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The champions risking it all to help Kenya beat coronavirus

By MERCY KAHENDA | 4 months ago


Staff at the Kenyatta National Hospital (KNH) fully kitted in protective gear. [File, Standard]

In recent days, talk about the neglect of front-line healthcare workers in the fight against Covid-19 has dominated the news.

Outrage and despair have greeted the statistics on the number of doctors and nurses who have succumbed to the virus as the country takes a hit from the pandemic.

But behind the scenes lies a dedicated team of industrious unsung heroes and heroines in the fight against the pandemic - the non-medical staff.

Covid 19 Time Series


Just like doctors, nurses, clinical officers and other cadres of medical staff, drivers, logistic officers, cleaners and morticians have greatly been exposed to the virus.

Every day, they put themselves in harm’s way to serve the sick, some suffering from the virus.

Vincent Kiptoo is one such unsung hero. A logistics officer, Kiptoo is among front-liners who have been transporting test swabs to laboratories since the pandemic was reported in the country in March.

Delicate duties

His day begins at 4am when he reports for duty at the Rift Valley Provincial General Hospital in Nakuru.

His daily routine involves packing the swabs in a cooler box and transporting them to Covid-19 testing laboratories.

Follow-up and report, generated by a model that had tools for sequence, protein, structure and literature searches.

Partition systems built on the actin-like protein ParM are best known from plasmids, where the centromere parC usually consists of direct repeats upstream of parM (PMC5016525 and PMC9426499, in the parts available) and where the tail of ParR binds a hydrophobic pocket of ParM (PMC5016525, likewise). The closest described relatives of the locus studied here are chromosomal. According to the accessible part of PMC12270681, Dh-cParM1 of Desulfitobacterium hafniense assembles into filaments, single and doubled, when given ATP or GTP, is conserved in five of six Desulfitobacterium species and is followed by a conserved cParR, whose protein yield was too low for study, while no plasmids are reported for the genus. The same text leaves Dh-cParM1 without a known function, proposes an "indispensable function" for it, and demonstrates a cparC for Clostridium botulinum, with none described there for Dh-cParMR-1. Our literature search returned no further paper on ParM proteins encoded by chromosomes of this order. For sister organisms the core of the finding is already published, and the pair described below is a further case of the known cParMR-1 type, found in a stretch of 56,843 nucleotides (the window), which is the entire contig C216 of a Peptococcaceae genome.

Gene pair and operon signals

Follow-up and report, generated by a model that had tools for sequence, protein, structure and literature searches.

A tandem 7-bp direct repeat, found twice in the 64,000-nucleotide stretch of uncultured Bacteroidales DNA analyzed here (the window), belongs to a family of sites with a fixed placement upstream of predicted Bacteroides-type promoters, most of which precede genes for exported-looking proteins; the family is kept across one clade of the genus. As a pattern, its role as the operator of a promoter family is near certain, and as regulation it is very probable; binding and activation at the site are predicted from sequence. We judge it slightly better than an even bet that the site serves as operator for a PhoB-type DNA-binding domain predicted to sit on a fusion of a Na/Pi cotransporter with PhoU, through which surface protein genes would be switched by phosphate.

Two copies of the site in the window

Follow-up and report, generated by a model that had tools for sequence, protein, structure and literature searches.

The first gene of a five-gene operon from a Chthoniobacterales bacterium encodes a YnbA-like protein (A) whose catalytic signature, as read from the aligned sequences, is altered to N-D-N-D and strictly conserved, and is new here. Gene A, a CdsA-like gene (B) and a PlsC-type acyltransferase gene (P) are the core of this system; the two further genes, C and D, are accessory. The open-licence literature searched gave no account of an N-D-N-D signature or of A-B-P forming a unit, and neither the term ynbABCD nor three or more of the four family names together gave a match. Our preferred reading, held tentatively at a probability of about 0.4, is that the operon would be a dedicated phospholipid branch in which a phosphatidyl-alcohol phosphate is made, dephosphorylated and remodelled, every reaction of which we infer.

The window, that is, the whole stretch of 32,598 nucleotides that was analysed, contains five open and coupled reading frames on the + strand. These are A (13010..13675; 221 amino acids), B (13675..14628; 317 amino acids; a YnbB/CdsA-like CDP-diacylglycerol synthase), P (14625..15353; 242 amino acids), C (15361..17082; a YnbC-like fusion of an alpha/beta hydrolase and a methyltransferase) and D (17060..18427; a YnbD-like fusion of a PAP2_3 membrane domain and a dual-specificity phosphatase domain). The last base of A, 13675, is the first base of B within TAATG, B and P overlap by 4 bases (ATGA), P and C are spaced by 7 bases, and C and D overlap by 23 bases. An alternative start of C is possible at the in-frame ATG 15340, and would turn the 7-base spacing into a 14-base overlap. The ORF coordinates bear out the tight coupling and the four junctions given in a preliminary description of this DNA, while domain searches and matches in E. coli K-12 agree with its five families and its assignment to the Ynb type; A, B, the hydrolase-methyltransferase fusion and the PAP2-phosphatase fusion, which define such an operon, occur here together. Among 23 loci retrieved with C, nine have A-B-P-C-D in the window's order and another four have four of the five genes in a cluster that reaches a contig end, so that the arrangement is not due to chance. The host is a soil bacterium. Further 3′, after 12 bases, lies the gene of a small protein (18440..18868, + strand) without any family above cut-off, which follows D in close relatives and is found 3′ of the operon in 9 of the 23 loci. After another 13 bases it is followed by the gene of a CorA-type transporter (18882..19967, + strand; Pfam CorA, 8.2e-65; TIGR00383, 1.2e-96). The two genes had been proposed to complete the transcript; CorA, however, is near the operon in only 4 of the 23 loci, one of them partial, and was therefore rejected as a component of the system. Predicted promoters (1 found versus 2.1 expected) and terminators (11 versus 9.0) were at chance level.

Each swab is packed alongside a reference form bearing the names of individuals tested, the gender and ages. It is a vigorous exercise done under the strict supervision of surveillance officers.

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Though with heavy eyes, probably from not having had adequate sleep, Kiptoo does not blink. The fate of many people depends on him, he has to be alert.

“Packing of samples is a delicate exercise. If I mess with a single swab, it means faulty results that will lead to improper contact tracing and surveillance,” he says as he leaves for Kemri laboratories in Nairobi with a driver.

But behind the jovial and courageous face is an anxious and scared soul. “How safe am I? What if there is breakage during handling of the many samples?” he poses.

“What I do requires a lot of sacrifices. I sleep for only four hours and have never taken leave since the pandemic was reported,” he says.

A report by Kemri-Wellcome Trust reveals that at least 10 health workers attending antenatal clinics at Kenyatta National Hospital (KNH) have been exposed to Covid-19.

At least 50 per cent of the Covid-19 infections in KNH involved patient porters.

Break chain

A porter is an employee who moves a patient to wards and theatres for operation. They are also involved in the movement of hospital supplies.

To break the chain of transmission at hospital and community level, a consultant paediatrician and infectious disease specialist Ruth Nduati says all healthcare providers, including support staff, should be sensitised on safety and policy guidelines on the virus.

“There are guidelines on human resources that come in contact with patients that each hospital should apply. Each staff should be trained to observe infection prevention,” she says. “Implementation of policies stipulates that everyone serving in a facility should be well oriented and protected.”

Nduati says that although nurses and doctors engage in procedures associated with high risks of being infected, non-medical healthcare staff are also exposed to the virus.

But data on infection between the two categories of employees are not segregated but keyed as health workers.

“Anybody who works in a hospital and gets infected with the virus is classified as a healthcare worker, regardless of their role,” Nduati says.